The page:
A Conversation with Dennis Bock, author of The Ash Garden
Q: What made you want to write a novel about Hiroshima and its aftermath?
A: As a reader I've always been drawn to the “Big Question” book. Philosophical, difficult, set in their particular time—the kind of book that isn't afraid to ask tough questions. In the same way I'm put off by books that pretend to answer the questions they raise. There can't be answers—not sincere or meaningful answers—to the questions raised in a great book.
For me a novel doesn't try to solve riddles, but instead simply lay them out, expose, or state those riddles in new, arresting, and entirely crucial ways. In raising those questions—by positioning your characters, building your setting and your drama—you approach the heart of what it is to be human. Cliche, I know, but what other reason could there be? Specifically, at this point in my life, I can't think of any one question more important, more interesting and terrifying than Hiroshima and its aftermath. Everything in that history fascinates me. And there will never be any complete and satisfying decision regarding the bomb's use. We will be asking questions about it for the next five-hundred years.
Q: What kind of research did you conduct while writing The Ash Garden? Did you meet with people involved in the construction of the bomb? With those like Emiko who barely survived it? Did you travel to Japan, New Mexico?
A: I didn't meet anyone. Interviews like that, for me, are too close to reportage. The characters in The Ash Garden are fictional. Someone recently said that this novel wears its history lightly. I like that. That is extremely high praise because this is not an historical novel. It has its historical setting, its real events, but no one in the book—besides the peripheral historical figures like Oppenheimer and Reverend Tanimoto—is real. Only the bomb is real here.
That being said, I sifted though dozens of books to help build the historical tone of the novel—not the facts so much as the colour. Research helps carry the plotting. You can't deliver a character to Los Alamos without reading a bit about the place and time, and it's the detail you're not looking for that stays with you and ends up in the book—stuff that comes out of nowhere, that surprises you, like the billboards they had set up to inspire the workers. Or the fact that the core group of scientists, the people who witnessed the first explosion at Alamogordo, wore suntan lotion thinking this was going to help protect them from radiation. You find a detail like that and you know it's going in the book. And not just as an aside; it finds its way into the book. It becomes a crucial metaphor for the innocence of those times, of just how new this science was—even for the brilliant minds behind its creation.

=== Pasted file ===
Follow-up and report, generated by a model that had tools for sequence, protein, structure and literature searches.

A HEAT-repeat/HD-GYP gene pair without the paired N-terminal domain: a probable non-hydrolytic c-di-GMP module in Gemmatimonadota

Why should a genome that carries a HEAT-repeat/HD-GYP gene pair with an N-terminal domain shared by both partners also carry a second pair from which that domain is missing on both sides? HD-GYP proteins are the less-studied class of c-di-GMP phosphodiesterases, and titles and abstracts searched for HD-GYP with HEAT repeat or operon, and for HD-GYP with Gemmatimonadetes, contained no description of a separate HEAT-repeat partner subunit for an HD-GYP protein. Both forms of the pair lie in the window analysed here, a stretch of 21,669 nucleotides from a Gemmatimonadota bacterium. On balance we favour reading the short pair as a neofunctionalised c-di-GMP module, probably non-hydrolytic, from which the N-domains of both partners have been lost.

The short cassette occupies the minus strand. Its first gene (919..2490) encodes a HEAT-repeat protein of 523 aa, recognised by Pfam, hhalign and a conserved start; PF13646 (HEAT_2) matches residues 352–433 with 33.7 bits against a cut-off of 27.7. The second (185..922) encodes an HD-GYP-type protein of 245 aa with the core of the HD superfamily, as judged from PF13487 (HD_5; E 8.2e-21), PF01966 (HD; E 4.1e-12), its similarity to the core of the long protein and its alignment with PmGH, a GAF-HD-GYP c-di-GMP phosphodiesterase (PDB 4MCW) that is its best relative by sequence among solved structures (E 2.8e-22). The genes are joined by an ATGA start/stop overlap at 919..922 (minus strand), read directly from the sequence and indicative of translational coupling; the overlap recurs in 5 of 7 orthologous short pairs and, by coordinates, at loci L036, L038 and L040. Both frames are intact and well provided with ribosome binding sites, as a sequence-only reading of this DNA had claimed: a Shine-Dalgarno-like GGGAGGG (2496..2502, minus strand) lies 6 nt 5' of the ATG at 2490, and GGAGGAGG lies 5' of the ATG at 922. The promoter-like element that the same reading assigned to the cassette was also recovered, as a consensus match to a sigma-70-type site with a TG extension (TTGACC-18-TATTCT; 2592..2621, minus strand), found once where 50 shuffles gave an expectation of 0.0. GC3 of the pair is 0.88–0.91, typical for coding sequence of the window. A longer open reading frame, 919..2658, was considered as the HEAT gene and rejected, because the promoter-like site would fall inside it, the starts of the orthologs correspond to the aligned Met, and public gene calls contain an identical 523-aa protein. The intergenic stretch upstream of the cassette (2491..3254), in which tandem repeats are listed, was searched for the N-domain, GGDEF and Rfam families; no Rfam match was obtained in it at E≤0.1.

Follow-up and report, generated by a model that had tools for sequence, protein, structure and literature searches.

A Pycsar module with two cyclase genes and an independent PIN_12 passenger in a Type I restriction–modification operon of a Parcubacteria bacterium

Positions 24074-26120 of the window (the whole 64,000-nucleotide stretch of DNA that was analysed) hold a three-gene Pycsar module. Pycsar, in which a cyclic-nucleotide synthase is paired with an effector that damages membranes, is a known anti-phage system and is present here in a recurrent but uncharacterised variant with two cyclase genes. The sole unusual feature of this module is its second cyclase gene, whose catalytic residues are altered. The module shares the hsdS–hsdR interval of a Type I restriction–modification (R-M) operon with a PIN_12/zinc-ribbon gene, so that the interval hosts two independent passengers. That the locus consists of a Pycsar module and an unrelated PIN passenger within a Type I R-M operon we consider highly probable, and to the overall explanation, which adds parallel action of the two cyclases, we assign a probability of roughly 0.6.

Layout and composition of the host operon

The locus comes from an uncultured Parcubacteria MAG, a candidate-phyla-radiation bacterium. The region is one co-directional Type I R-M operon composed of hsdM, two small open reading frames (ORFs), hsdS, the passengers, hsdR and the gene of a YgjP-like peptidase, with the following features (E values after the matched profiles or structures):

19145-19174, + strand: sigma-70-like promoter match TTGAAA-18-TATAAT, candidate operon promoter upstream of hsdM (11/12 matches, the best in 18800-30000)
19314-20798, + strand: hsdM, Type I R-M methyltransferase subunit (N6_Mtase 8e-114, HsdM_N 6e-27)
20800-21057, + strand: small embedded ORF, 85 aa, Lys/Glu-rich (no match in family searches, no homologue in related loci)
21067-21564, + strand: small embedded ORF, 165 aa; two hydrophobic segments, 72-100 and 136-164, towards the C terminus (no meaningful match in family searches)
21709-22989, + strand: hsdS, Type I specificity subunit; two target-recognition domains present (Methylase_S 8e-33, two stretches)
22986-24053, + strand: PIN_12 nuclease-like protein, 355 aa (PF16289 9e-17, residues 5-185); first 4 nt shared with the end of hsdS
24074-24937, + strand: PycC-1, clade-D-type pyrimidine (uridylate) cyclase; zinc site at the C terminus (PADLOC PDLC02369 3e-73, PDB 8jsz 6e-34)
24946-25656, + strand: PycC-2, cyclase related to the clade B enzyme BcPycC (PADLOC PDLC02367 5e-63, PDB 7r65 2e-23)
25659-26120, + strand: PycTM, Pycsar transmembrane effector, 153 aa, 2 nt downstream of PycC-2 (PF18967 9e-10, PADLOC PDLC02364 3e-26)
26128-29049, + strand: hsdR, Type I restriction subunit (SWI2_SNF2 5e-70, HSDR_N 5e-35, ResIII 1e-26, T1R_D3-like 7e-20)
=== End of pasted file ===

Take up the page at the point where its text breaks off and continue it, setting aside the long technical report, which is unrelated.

Q: Reverend Tanimoto, one of the real-life survivors of the bombing, who John Hersey profiled in his acclaimed Hiroshima, appears in this novel. Was that book influential for you?
A: The book wasn't influential. In fact, I stayed away from it because I thought it might pull me in a certain direction. In the research I tended to favour the studies, the bland historical texts, and the photo essays. I didn't want the event or the emotions told to me through a narrative. I needed to find my own words.
Q: All three of your protagonists flee their countries of origin during, or soon after, the war. Was this an important trait for them to share?
A: It was. But that just happened. As a writer I tend to let things land on the page. Parallels like that appear before my eyes. It's there; then I recognize the significance and run with it. I develop it later on. A lot of what I do surprises me. I've often considered first and second drafts as ways of leaving hints for myself on the page which I later pick up and accept or reject, depending on impact, metaphor, or plot. Sometimes magic happens without me noticing. Sometimes it's just crap. I can't control it. But when it's there it's a wonderful sensation—like your secret writing brain is way ahead of your conscious self and just waiting for you to catch up and make something of it all.